KOH JUM: It took 3 attempts to find the island paradise that I had imagined: ¾ mile long soft sand beach, perfectly calm sea with tiny gentle waves creating a soothing aural background, small beach bungalow colonies featuring bamboo huts, rarely more than a handful of people on the beach or in the crystal clear water. I arrived here 4 days ago on the recommendation of a French woman whom I met on the boat to Koh Muk/Mook, my first foray into island living.
Each night on Koh Jum I’ve slept in a different place as I’ve sought the ideal bungalow. It looks like I might move again tonight in the same resort (using that term loosely) but into a more upscale bungalow. If I could only combine qualities from each of the 3 resorts I’d have the perfect spot. The first place had a fairly spacious room with built in shelves (but too far from the beach for $10). The second was right on the beach (40 yards from the water at high tide for $20) with a lovely porch and hammock (but no towel, soap, toilet paper, or mounted shower). The current place, called appropriately BAMBOO BAR and BUNGALOWS, has the most friendly and nicest guests (French and Italian). My complaint about this one revolves around my bungalow’s “stairs” which consist of 3 fairly narrow logs creating a ladder to ascend/descend the porch entrance and also one log to go down into the bathroom. The bungalows sit about 4 feet above the sand. The more expensive place has wider “stairs” and the bathroom is on the same level as the bedroom. Will probably splurge for the 500 baht place ($17) instead of the 300 Baht ($10) I slept in last night.
Well, this is probably boring you to death so let’s get on to more interesting stuff.
KOH MUK, my first island stop, also had a long, lovely beach but many more people than Koh Jum. Not crowded but definitely more populated. The highlight there was an all day snorkeling trip with a wonderful crew and excellent equipment to Koh Roc, a national park island. We had two long snorkeling opportunities while others made SCUBA dives. The water was perfectly clear and the variety of coral and fish was among the best I’ve ever experienced. At least 15 different species of colorful fish swam by and an amazing sea creature called Crown of Thorns intrigued me. The Crown of Thorns had a round purple body about a foot in diameter and 16 long legs or tentacles with huge black spikes radiating from them. Quite a sight! Definitely the most unusual creature I’ve ever seen underwater.
Koh Roc featured another amazing creature, this one on land. Two HUGE lizards fed off a pile of discarded rice and vegetables on the edge of the dining area. They reminded me of dinosaurs. The bigger one stood nearly 2 feet at its highest point and reached more than 4 feet from tip to tail.
Another adventure on KOH MUK consisted of spending my last night in a tent instead of a bungalow. My hotel reservation was for 3 nights and it couldn’t be extended. However, I wanted to go on the snorkeling trip scheduled for my last day. The dive shop called a resort on the other side of the island and all they had available was a tent. It wasn’t the fancy kind with toilet, sink, etc. like my sister enjoyed on her Thai trip for two nights. This was a basic dome camping tent. It fulfilled its purpose and my sleep was long and deep. Perhaps the fatigue from a day of snorkeling contributed to my good night’s sleep. In any case, it was thoroughly enjoyable and provided another adventure to my journey.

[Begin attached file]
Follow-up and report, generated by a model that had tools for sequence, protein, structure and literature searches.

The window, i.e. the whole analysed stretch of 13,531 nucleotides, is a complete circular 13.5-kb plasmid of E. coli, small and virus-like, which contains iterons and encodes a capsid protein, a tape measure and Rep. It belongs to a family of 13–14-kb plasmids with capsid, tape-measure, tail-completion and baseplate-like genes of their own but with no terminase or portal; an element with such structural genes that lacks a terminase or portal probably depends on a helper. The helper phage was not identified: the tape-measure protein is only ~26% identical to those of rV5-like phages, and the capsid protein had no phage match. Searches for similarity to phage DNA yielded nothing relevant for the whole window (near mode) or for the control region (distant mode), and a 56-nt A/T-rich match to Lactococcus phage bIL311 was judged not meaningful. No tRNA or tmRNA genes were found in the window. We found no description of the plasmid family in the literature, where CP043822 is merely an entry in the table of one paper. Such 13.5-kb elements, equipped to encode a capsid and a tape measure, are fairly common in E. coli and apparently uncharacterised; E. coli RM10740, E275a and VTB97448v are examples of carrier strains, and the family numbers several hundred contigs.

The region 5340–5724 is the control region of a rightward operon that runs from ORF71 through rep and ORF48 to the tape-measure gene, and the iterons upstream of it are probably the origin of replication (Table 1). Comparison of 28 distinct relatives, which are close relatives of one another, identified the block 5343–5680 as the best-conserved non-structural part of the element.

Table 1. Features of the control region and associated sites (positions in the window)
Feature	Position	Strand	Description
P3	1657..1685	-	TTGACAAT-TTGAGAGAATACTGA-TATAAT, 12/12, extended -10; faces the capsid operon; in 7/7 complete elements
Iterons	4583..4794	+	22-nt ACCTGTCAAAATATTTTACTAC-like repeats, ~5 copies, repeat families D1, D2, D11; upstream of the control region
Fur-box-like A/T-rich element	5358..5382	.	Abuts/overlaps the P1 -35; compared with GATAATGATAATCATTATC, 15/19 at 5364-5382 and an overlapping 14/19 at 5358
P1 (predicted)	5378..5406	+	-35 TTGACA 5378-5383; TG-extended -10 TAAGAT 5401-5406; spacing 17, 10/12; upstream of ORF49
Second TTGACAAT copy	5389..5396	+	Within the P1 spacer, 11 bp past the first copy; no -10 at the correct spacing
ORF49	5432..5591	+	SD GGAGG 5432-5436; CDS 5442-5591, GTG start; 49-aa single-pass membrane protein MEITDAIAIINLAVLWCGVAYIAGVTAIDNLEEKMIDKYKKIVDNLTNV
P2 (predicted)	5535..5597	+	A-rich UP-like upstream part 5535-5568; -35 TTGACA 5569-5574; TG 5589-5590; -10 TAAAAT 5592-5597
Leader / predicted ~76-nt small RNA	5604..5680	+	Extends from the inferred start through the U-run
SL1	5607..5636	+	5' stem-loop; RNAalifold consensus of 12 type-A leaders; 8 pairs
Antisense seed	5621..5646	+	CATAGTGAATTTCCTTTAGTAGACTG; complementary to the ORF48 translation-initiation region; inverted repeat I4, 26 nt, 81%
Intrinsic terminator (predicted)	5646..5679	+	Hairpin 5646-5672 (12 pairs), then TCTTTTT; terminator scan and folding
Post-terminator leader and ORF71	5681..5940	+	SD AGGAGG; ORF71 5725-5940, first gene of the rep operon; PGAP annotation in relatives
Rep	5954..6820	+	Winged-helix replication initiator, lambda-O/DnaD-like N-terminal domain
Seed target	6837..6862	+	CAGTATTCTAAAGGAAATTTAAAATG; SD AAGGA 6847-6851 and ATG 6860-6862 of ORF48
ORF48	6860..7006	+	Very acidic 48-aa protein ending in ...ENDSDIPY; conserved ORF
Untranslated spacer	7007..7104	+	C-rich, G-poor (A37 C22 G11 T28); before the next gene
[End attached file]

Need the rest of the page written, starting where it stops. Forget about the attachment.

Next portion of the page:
KOH LANTA offered accommodation for one night as I attempted to move from Koh Muk to Koh Jum. Turned out that the only boat to Koh Jum from Lanta left at 8 a.m., necessitating an overnight in Koh Lanta’s main town. Didn’t like it much but understand that there are many nice beaches and resorts dotting the island. No reasonably priced guesthouses had openings so I booked a room in a lovely modern small hotel built over the water. It cost 1000 baht ($34), the most I’ve ever paid in Thailand. Even in Bangkok, my hotels near the airport with TV, AC, etc. have only cost $20. Of course, you get what you pay for: big flat screen TV, AC, lovely modern décor, great bed with comforter, and my first hot shower in 9 days.
Prior to coming to these islands on the Andaman Sea (Thailand’s west coat), it was difficult to imagine how I’d spend my time “doing nothing” at the beach. It’s surprisingly easy! Usually I awake around 6 or 6:30 and take an hour long walk while watching the sunrise. Then the morning in the water, out of the sun by 11 or 11:30 to avoid the harshest rays. Lunch at a nearby restaurant or yesterday a 25 minute walk across the island through the jungle and past a small rubber tree grove to town for lunch and shopping (fruit and yogurt for this morning’s breakfast). Back in the water by 3 or so for a couple hours. Shower and dinner at a restaurant with wifi where I can also charge my laptop.
The last two nights at BAMBOO spent sitting around with other guests and visiting in English or Italian. English is the common language so most of the conversation is in that tongue. Two nights ago the owner made a massaman curry, a southern Thai speciality, for his guests and I joined them prior to my move here. The owner and a lovely French man put on a fire show after the delicious meal. They twirled and threw/caught long rods with fire at each end. AMAZING.